Last semester I posted my thoughts and reflections from Biblical texts regarding sexuality and masturbation. This paper serves as a much-needed supplement to that post, for it (the post last semester) solely regarded sexuality apart from union with Christ and the effects of soteriology on the human person. But now attention is given to sexuality within its restored context, specifically considering the interweaving of sexuality and soteriology in the mind of the apostle Paul. I hope that this article shall not be quickly read then passed over, for the import of his subject can hardly be expressed. I would also ask the reader to dwell on and contemplate the movement of the narrative of Scripture as it relates to sexuality and union, and most certainly to examine themselves and their own conceptions of sexuality. I pray that this would be helpful and beneficial and would cultivate discussion and thought concerning human beings as sexual, but also that it would express the profundity and gravity of this topic. This I offer up work to God in service of his Church. May it be used by him!Sexuality and Union shall be considered in three movements within this paper, each movement consisting of two passages. The first movement examines sexuality in general and marital union in particular in the created ideal, thus Genesis 1 and 2 are the focus. Next, the implications of The Fall on sexuality and union are explicated through Genesis 3 and Romans 1:22-25. The final movement considers our topic in the context of redemption, specifically for those who are united to Christ, by inspection of 1 Cor. 6:12-20 and Eph. 5:21-33. Continue reading

“It’s All About me, Right?” by Peter Elliot

The European Renaissance was a wonderful time of educational, artistic, and philosophical fervor. The 14th-17th century “Rebirth” revived scholastic work, while also birthing a peculiar system of thinking, humanism. Humanism, which was a term given to Renaissance thinking by Georg Voigt, is a system of thought which shifted the focus of education from the traditional academic authority of the teacher to individual academic authority of the student.1 Humanism put the emphasis on the individual human and not on the communal doctrine that ruled in the universities and churches. This academic freedom gave students the ability to break free of the dogmatic teachings and thoughts which were thrust upon them by their traditional teachers. The humanists did not wish to destroy doctrine, rather, they wanted to individually arrive at truth without being told what truth was, they wanted emotion to be an essential part of their education, and this made individual authority necessary. Renaissance Humanism in giving individual authority to every student allowed for the increase and eventual over-emphasis of individualism in the Western world. Continue reading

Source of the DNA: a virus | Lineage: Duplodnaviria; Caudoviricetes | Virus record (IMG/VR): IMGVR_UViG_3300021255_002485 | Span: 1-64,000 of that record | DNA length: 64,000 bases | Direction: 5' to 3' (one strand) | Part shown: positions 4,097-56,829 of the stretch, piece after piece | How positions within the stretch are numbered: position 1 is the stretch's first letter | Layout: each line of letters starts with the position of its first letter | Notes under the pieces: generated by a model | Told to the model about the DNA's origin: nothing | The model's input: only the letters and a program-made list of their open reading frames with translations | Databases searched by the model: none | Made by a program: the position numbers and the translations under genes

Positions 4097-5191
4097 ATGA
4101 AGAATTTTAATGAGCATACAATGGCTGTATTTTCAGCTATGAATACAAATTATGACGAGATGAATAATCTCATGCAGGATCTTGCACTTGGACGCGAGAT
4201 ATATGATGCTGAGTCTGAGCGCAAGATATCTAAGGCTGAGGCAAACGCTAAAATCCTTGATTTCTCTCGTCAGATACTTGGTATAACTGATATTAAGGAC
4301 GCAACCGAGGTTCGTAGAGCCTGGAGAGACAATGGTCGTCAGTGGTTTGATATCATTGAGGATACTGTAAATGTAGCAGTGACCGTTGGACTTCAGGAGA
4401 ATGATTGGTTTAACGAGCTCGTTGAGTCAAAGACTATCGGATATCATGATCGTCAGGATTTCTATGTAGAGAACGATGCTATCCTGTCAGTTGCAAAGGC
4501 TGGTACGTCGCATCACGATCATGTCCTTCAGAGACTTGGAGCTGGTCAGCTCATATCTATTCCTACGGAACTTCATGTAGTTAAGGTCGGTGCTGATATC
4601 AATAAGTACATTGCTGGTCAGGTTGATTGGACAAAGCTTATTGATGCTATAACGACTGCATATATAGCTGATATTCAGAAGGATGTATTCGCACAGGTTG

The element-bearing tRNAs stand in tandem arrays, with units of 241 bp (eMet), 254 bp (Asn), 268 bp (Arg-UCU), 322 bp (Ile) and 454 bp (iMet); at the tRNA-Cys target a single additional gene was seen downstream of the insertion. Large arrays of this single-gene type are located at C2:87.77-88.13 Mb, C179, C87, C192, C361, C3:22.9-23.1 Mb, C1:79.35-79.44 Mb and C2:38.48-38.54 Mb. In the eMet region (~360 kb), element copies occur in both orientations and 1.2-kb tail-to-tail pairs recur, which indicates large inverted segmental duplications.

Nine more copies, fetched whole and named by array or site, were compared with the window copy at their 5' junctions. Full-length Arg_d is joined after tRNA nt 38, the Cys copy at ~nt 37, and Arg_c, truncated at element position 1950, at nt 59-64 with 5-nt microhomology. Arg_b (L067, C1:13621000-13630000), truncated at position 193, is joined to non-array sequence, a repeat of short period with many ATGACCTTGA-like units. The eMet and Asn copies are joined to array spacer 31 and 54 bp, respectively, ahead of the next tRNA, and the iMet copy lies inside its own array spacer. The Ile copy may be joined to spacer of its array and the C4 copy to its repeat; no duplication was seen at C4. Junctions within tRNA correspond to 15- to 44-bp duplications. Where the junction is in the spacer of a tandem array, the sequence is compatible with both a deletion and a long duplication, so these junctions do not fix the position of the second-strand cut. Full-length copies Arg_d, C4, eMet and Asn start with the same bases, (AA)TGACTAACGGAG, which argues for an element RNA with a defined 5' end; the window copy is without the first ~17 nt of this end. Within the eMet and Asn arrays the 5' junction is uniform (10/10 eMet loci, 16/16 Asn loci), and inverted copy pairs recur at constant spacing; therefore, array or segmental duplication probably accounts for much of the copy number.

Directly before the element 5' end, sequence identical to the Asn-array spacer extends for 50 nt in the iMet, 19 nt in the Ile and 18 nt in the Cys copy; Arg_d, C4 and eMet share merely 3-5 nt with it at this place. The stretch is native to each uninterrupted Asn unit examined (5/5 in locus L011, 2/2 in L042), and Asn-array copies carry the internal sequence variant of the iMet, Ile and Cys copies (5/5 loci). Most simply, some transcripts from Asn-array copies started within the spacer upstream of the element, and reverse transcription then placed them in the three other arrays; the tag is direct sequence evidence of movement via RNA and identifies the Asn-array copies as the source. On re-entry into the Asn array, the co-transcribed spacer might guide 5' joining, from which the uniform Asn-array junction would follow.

“The Punk Rock Sentiment” by Samuel Keithley

Punk rock is most known for Mohawk hairstyles, ripped jeans, obscene amounts of drug use, and anarchy (among other things).  It is a subculture that fights for individuality and individual responsibility at all cost.  These ideals were carried through the amps of the late sixties, early seventies of the Ramones and the Sex Pistols to now with the ever-aging, never-slowing acts of Bad Religion and NOFX.  At its worst, punk rock is just a naïve phase of youth and loud, repetitive music, but at its best it is a community built around acceptance and asking the questions no one else will.  Through all of the music, all of the drugs, all of the explicit and inappropriate gestures there is a core ideal that the punk rock scene has taken advantage of and taken to the extreme.  You may be surprised to hear that this ideal is actually one that is a part of our heritage as Evangelical Americans.  This sentiment is an individual’s conviction of a virtue that takes precedence over systems or authorities that the individual is under.  Thankfully, most of us find ourselves a part of systems and organizations that give us the ability to value and practice most of our strongest convictions, but for some this punk rock sentiment brings them in conflict with their current context.

What does this sentiment have to do with Christianity?  Continue reading

“In [Insert Here] We Trust” by Stephen Angliss

“That this nation—under God—shall have a new birth of freedom. That Government of the people, by the people, for the people, shall not perish from the earth.”1

These words concluded the Gettysburg Address. They received no thunderous applause or immediate praise,2 and after giving, “a few appropriate remarks”3 to honor those who died in the recent battle, Lincoln left without event. Yet those few words forever changed a nation. Ironically, Lincoln never intended to say, “Under God.” They do not appear in his original drafts.4 In the spur of the moment, Lincoln—a man who never professed Christianity5—felt strongly enough about the phrase to end his speech with the mention of God. To those who heard it, the ad lib meant nothing, washed away in the sea of that day’s speeches, but to Americans today the words mean everything. Less than a year after Lincoln’s speech the motto “In God We Trust” first appeared on U.S. currency,6 and upon creation of the Pledge of Allegiance in 1942, the words “Under God” were added in Lincoln’s honor.7 The idea of America as one nation under God caught on quickly with the American people. Continue reading